What To Know Today
The attorney general is making it hard to access information and asking for studies to be terminated, researchers say. Veteran gun violence researcher Garen Wintemute in 2017 became the founding director of the Firearm Violence Research Center at the University of California, Davis, the first state-funded entity of its kind. But as he tells The Sacramento Bee, the state’s Department of Justice under Attorney General Xavier Becerra has made it increasingly difficult to access state gun violence data on privacy grounds — despite a legal mandate to do so and an already rigorous process to keep data secure. The DOJ challenged one of Wintemute’s requests for the first time in 2017 — about data he was seeking on the state’s red flag law — only to relent, leading to a study finding that the law may have prevented nearly two dozen mass shootings. Since then, Wintemute says the agency has blocked a data request for an update to a study on the state’s system to remove guns from prohibited gun owners and asked his team to end the research and delete their data. Further, a new state DOJ policy to deny data requests with certain identifiers, like names, means several other ongoing studies would also be impossible. The AG’s office is “effectively, knowledgeably, shutting down research on some of the most important policies in California,” Wintemute told the paper. “I believe that science saves lives. Lives are in the balance here.”
NEW from THE TRACE: Introducing ‘Up the Block’: Our new project, led by Philadelphia-based community outreach editor Sabrina Iglesias, will use journalism to provide a resource hub for Philadelphians confronting gun violence. You can read a detailed introduction to the initiative here. But here’s the gist: The first phase of the project, produced in collaboration with Billy Penn at WHYY, builds on their indispensable list of resources for healing and rebuilding after shootings. Early this summer, we’ll launch a simple website that makes such vital info — including where to find financial help for the funeral of a gun violence victim, bilingual services for shooting survivors, and much more — radically accessible. As Up the Block gets rolling, we’ll add information on safe havens and opportunities for young people threatened by gun violence and how they can make sure their voices are heard by leaders as the city considers new approaches to violence prevention.
If you’re reading the above as a Philadelphian: Let’s talk. Do you have questions about recovering from, avoiding, or preventing gun violence in your city? Are you a journalist, storyteller, or media organization interested in working together? Please email us at [email protected], follow us on Instagram at @uptheblockphl, or sign up for email updates using this form.
Guns, COVID, and root causes: diagnosing New York City’s violence surge. In a must-read conversation, Greg Berman of the Henry Frank Guggenheim Foundation interviews Jeffrey A. Butts, director of the Research and Evaluation Center at John Jay College of Criminal Justice in light of the city’s huge spike in shootings last year, how the pandemic fuels violence, and what Butts suggests as the path forward for solutions. On the social roots of violence: “I think social disruptions, like a pandemic, don’t make who we are, they reveal who we are. What it’s revealed for me is that we have a lot of young people who have no reason to believe in the social structure and civic behavior. They don’t benefit from it. They know they’re never going to be a part of it. This whole idea of, ‘Go to school, get a job, buy a house, have kids’ — they don’t see that in their future. Protecting themselves and their friends in the short term with violence seems acceptable to them. I think the pandemic just revealed the extent to which that’s always been there. It’s been kept slightly under control by people being busier.”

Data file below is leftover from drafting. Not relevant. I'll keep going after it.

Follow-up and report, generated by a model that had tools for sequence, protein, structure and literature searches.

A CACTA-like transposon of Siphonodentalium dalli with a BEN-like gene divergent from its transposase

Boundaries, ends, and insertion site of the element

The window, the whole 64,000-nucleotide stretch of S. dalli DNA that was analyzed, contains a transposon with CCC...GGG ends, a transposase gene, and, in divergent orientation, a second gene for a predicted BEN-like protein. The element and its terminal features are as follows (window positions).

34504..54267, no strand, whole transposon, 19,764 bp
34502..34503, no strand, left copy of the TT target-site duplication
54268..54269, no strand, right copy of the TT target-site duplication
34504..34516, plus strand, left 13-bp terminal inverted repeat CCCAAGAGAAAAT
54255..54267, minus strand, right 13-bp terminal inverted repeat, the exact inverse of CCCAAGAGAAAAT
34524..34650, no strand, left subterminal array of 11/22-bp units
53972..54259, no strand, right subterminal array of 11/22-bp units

Senate Democrats reintroduce bill to end the so-called Charleston loophole. Currently, federal law allows federally licensed dealers to proceed with a gun sale if a background check takes more than three business days to complete, even if the purchaser would have been otherwise barred from buying a gun. The Background Check Completion Act, signed by more than two dozen Democratic senators, would require a check to be completed before a sale. Earlier this week, Representative Jim Clyburn reintroduced a similar bill in the House.
Capitol Police request a 60-day extension for D.C.-based National Guard members. If granted by the Department of Defense, the request would mean some of the 5,200 troops stationed in the nation’s capital since the insurrection would remain past their current mission end date of March 12.
75 percent — the year-over-year rise in shooting incidents in New York City in February, according to the police. The number of incidents went from 44 in 2020 to 77 in 2021. Gun violence continues to be an outlier to the broader crime declines seen in the city. [AMNY]